I finally got all these pieces cut down to length and so now I need to add a dado so we can slot in the bottom. And I’m going to put a rabbet on the end of each one of these pieces. That’s a whole lot of rabbet cuts. 

I put on my dado stack so that I could cut a slot that was three-sixteenths. That’s the same size as the material I wanted to use for the bottom of each of the drawers. After I got that in place and set to the right position with the fence, I cut a dado into each one of these pieces. This dado is cut into all four sides so that the bottom panel of the drawer can fit in and be locked in from every direction.

After those were done, I put on a sacrificial piece of wood next to the fence so that I can move it all the way up to the blade. This makes it so you can cut all the way to the edge of the piece of wood without the blade touching your fence and messing it up. So I made a rabbet cut on both ends of each one of these pieces half the thickness of the material.

This makes the corner of the drawers a little bit stronger because there’s more surface area for the glue. After that was done, I cut down several sheets of three sixteenths plywood to be the bottoms for the drawers. I get all the panels cut and all the drawer pieces cut, so now we’re going to assemble them.

Assemble Your Materials For The Drawers.

Everything is going to be glued together and I’m going to use these really short brad nails to hold all of the rabbets in place while the glue dries. The glue is definitely going to do all of the work in keeping these things strong.

Got the drawer boxes already, but we can’t install them yet because I’m waiting for the drawer slides to show up. There’ll be here in a couple of days.

Add Legs To The Base Frame Of The Modern Dresser.

So we’re going to move on to putting some legs on the bottom of this. Originally, I was going to turn some tapered wooden legs on the lathe. I decided against that and then we moved on to getting some of the steel pipe. This is the same stuff that we use for the bunk beds up in my boys’ room where this piece is going to go, so we got this to use. But now that I see it in place, it actually doesn’t really have the look that I want. So we’re going to use some 3D printing to make some covers that will go over these. And then we can make the legs look like anything that we want.

The first important step here is to make an accurate model of the piece of pipe and the flange together. I use some calipers, measured it out and recreated that as a 3D model. From there you can draw any profile shape leg that you like and rotate it around the same center point. The shape doesn’t matter.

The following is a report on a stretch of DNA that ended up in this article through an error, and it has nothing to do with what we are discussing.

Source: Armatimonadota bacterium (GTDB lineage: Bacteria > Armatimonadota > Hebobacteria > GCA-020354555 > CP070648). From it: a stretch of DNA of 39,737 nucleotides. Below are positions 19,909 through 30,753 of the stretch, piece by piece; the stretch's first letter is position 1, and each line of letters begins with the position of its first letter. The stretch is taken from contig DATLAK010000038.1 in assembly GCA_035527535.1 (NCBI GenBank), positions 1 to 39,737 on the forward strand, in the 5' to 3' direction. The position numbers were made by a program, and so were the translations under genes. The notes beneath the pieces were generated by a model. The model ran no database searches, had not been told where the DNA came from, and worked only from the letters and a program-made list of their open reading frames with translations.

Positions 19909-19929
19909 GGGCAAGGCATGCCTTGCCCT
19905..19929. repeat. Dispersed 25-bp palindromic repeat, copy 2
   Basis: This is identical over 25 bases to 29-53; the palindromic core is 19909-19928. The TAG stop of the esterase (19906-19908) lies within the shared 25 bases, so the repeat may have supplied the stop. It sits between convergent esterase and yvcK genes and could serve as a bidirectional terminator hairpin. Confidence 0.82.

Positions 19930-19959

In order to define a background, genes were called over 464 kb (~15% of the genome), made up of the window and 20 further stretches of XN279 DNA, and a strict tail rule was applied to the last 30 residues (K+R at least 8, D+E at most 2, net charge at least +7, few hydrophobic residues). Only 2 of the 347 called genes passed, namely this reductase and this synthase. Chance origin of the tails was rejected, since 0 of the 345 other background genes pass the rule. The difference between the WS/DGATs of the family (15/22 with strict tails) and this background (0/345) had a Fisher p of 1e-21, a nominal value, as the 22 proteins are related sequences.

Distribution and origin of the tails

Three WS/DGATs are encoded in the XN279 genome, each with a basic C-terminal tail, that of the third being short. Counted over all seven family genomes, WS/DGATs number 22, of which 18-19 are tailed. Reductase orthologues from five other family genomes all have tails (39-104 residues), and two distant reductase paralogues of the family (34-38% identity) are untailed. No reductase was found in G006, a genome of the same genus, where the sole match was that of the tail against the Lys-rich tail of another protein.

You just have to make sure that the section in between the floor and the bottom of the pipe is printed solid, not hollow.

Cut Your Materials For The Drawer Faces.

While those are on the 3D printer, we’re going to move on to milling up some of the wood that we got for the drawer faces. We’ve got these big pieces of cherry and they’re going to run all the way across the piece on every row of drawers.

So first we have to run these through the joiner and clean up the edge and then plane them down to the right thickness. Actually, before that, I cut them down to basically the rough length, a little bit extra so that I didn’t have to plane any more than necessary.

The widest of the board was actually too wide to go through the planer. This gave me one clean edge so that I could cut it down to roughly the right length before ripping it to the right width and running it through the planer.

I planned all these boards down to three quarters of an inch, which is what I had planned for when building the carcass and the drawers. Then I rip the widest piece, the one for the bottom drawers down to its final width. This made it so it just barely fit through the planer to get it down to its final thickness.

The 3D prints were done at that point, so I tested one of them out and it worked pretty well. All of the cherry was plane down to its correct thickness, so I ripped all of the pieces down before cutting them to length.

I got to admit, I’m a little bit nervous to cut these down to length because they’re beautiful boards and they cost a fair amount and if I screw it up it’s going to be wrong, can’t undo it. But we’ve gone over the number several times. I think we’ll be good.

These are measured out so that they would fit on the inside of the carcass frame with an eighth of an inch space between the frame itself and between each one of the drawers. And if that gap was different from place to place, it would just totally look wrong. So it was really important to make sure to cut on the correct side of the line and get all of the cuts exactly in the right place.

Add The Drawer Slides To The Dresser Frame.

Then it was time to put in all the drawer slides for all of the drawers. This took a long time to mark out, but taking your time to get everything marked in the right place makes it a lot easier to get them installed correctly.

I got these templates that clamp on to hold the drawer slide level while you screwed it in place. That was a big help. We also met a little template for the side of the drawers, so the rails always got put in the same place.

Add Your Drawer Faces.

Even after getting these installed, I had to do a little adjustment to get the front of the drawers all flush. That was really important because the next step was to put on the new drawer fronts made out of cherry. And to get those drawer fronts installed. The first step was to add some double sided tape to the front of all of these boxes. I put some eighth inch spacers around the outside before setting each one of these pieces in place.